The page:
In the past, Morocco has capitalized on its proximity to Europe and relatively low labor costs to build a diverse, open, market-oriented economy. Beginning in 1993, the country has followed a policy of privatization of certain economic sectors which used to be in the hands of the government. Since King Mohammed VI ascended to the throne in 1999, the Moroccan economy has been relatively stable. The economy has shown steady growth rates of approximately 5% per year, low rates of inflation, and decreases in government debt. Improvements in infrastructure such as the new port and free trade zone near Tangier are increasing Morocco’s competitiveness in the international market. When completed in 2014, the port in Tangier will be the largest in Africa. Morocco has become a major player in African economic affairs, and is the 5th African economy by GDP (PPP). Despite Morocco’s economic progress, the country suffers from high unemployment and poverty. Key economic challenges for Morocco include fighting corruption, reducing government spending, addressing socioeconomic disparities, and increasing industry.
The services sector accounts for just over half of GDP and industry, made up of mining, construction and manufacturing, is an additional quarter. The fastest growth sectors of Moroccan economy are the tourism, telecoms and textile sectors. Morocco, however, still depends largely on agriculture. The agriculture sector accounts for only around 14% of GDP but employs 40–45% of the Moroccan population. With a semi-arid climate, it is difficult to assure good rainfall making agricultural based lifestyles difficult. In addition Morocco’s GDP varies depending on the weather and crop production.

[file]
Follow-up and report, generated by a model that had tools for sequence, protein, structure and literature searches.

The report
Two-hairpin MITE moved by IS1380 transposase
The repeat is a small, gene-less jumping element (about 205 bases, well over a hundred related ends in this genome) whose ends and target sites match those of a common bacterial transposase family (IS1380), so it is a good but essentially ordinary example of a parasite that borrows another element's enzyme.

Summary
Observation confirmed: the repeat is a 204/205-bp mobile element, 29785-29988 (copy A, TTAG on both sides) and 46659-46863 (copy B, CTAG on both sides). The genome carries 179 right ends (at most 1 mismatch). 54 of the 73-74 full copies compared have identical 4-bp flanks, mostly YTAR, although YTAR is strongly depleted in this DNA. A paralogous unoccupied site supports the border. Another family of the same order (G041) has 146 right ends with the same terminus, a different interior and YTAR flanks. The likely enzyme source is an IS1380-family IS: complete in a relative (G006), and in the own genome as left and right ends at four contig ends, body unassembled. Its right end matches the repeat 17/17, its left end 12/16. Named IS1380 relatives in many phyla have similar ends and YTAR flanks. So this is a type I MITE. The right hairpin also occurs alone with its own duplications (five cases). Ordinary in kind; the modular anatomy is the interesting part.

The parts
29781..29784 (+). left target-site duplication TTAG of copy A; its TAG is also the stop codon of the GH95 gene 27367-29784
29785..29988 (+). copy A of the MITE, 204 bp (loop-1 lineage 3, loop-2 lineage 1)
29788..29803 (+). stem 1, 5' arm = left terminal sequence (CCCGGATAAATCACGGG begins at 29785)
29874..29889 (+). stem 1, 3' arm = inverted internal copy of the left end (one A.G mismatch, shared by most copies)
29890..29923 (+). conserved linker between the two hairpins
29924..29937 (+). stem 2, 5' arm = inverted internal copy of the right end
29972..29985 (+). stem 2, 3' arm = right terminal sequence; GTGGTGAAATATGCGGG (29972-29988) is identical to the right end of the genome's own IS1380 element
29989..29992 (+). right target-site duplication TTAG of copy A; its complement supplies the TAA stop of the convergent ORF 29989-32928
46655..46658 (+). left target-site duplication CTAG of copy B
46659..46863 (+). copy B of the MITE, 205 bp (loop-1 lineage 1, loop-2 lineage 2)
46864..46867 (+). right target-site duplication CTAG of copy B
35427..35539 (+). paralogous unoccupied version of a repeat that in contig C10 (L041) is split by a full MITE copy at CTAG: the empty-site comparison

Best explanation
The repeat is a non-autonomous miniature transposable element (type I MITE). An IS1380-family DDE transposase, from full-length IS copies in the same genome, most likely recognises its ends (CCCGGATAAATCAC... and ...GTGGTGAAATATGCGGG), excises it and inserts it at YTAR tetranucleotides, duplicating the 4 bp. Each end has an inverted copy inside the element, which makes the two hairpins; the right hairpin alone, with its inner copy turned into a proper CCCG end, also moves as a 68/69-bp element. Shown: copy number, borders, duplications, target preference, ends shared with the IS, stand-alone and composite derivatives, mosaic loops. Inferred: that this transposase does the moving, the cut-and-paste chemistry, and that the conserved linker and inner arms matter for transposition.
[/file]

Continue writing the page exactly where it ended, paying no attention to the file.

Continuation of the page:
The major resources of the Moroccan economy are agriculture, phosphates, and tourism. Sales of fish and seafood are important as well. Industry and mining contribute about one-third of the annual GDP. Morocco is the world’s third-largest producer of phosphates and the price fluctuations of phosphates on the international market greatly influence Morocco’s economy.
Morocco has bilateral trade agreements with Europe and the United States. France is Morocco’s primary trade partner, foreign investor and creditor.
As of July 2010 estimates the unemployment rate in Morocco was 8.6%. Unfortunately the unemployment rate of youths age 15-24 is much higher 21.9%. This is significant because unemployed youth are the major participants in the protests that have rocked Morocco since the beginning of the Arab Spring. The youth voice has gained considerable power in Morocco and the protests will continue as long as unemployment remains high for this demographic